Sonali Shirodkar, a parent from Mumbai, whose son attended a sought-after institute, says that faculty should be the deciding factor while choosing an institute. They should be knowledgeable, experienced, interact well with students, and most importantly, should have passed the exam themselves. Logistics should be given importance too. Other factors to be kept in mind include flexibility of fee structure, the possibility of refunds and classroom amenities.
Many parents caution that it is imperative to check the credentials of institutes. Coaching institutes are notorious for paying toppers and high achievers with no connection to the institute to allow their names to be used to enhance saleability.
Coaching or self-preparation?
Can this tough exam be cracked without coaching? Many do just that - just about half of all aspirants, in fact. Nonetheless, coaching is useful if your child needs additional motivation to revise, practice and keep to a schedule.
Here are some advantages coaching courses offer:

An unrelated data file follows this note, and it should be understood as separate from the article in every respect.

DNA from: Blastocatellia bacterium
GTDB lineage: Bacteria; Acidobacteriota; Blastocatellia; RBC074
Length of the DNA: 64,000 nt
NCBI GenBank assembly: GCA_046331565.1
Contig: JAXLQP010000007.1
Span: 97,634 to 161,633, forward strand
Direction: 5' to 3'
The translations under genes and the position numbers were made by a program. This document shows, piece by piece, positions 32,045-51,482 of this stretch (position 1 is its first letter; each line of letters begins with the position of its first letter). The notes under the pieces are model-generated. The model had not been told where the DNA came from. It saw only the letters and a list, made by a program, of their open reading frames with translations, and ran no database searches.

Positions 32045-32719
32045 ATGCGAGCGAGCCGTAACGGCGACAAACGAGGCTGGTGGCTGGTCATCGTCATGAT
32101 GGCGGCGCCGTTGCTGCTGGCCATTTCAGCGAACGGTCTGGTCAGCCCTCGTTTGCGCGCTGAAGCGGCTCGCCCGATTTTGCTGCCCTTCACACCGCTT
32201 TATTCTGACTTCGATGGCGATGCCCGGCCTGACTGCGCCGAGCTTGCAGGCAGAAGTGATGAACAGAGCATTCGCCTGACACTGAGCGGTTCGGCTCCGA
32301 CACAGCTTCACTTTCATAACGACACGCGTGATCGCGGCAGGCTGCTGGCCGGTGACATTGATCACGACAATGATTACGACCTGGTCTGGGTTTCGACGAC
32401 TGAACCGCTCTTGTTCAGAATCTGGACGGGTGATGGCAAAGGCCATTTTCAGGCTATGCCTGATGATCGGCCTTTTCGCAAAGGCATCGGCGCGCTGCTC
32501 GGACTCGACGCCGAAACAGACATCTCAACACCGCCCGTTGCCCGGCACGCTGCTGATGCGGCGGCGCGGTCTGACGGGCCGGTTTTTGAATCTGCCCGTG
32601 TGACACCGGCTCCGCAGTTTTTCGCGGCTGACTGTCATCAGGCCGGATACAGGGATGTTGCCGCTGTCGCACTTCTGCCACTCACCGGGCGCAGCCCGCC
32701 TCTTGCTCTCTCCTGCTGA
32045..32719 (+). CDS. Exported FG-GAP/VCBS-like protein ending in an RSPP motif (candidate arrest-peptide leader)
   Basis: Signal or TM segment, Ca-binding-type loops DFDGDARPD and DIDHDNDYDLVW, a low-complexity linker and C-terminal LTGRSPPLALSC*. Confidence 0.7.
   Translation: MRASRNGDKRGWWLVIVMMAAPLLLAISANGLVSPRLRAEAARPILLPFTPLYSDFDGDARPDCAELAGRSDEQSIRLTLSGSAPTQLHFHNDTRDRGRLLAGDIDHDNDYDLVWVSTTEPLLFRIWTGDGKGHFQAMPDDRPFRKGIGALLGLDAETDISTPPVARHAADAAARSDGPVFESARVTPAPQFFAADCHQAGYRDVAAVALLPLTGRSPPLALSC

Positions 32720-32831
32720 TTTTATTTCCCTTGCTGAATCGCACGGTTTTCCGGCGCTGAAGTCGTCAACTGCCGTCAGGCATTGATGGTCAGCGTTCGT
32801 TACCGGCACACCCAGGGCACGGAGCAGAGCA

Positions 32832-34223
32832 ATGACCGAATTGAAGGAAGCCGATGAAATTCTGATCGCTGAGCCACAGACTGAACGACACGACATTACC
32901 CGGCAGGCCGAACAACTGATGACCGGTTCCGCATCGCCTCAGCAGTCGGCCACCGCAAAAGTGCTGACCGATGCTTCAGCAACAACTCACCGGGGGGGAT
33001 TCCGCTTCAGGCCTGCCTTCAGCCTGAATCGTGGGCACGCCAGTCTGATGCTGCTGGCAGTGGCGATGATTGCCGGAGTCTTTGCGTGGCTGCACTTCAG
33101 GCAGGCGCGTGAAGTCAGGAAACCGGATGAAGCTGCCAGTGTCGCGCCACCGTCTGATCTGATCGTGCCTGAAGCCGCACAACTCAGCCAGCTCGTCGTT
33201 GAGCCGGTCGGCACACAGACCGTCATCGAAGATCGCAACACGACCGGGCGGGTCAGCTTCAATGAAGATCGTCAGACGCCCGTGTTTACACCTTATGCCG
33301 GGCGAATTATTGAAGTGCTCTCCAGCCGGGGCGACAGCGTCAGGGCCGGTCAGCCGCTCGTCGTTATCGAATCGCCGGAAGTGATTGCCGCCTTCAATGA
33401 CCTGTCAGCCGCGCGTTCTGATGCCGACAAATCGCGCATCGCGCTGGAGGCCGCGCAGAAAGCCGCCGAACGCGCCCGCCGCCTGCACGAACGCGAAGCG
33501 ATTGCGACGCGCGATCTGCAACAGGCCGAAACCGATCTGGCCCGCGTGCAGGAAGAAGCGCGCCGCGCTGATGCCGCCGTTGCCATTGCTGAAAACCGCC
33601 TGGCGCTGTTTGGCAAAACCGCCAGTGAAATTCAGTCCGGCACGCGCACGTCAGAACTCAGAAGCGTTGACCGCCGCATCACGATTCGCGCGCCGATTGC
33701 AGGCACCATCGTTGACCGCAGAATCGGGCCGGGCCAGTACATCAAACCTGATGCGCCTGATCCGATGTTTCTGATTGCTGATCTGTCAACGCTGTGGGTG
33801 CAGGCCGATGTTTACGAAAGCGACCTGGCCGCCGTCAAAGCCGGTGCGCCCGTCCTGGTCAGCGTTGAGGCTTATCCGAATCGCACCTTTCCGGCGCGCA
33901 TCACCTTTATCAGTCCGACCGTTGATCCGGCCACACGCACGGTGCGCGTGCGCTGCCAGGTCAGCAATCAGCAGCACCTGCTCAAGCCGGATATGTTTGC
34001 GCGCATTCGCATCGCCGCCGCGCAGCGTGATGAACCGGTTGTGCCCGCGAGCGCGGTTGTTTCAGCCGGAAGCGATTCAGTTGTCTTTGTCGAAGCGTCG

- Healthy competitive interaction with a large group of students
- Scheduled revisions and practice
- A current syllabus, relevant to the year of examination, a distinct advantage over independent tutors or self-study
- Study material, timetable, conceptual clarifications, and repetition of key concepts, ensuring full coverage of the material
Choice of course configurations
Most established coaching institutes offer a variety of courses. Configurations include:
- Two-year course for students of Class 11, allowing time for pursuing the school syllabus simultaneously
- One-year course for Class 12 students - a compact, high-intensity preparation, alongside school board exams preparation
- Short-term courses
- One-year full-time course for students attempting (or re-attempting) the exam after they have completed Class 12
- Distance and online learning courses delivered through booklets, question banks, mock tests and video dispatches for lectures, etc. These are aimed at students wishing to prepare from their own homes and/or want to attend a coaching institute too distant for commuting. This option is also useful for NRI students.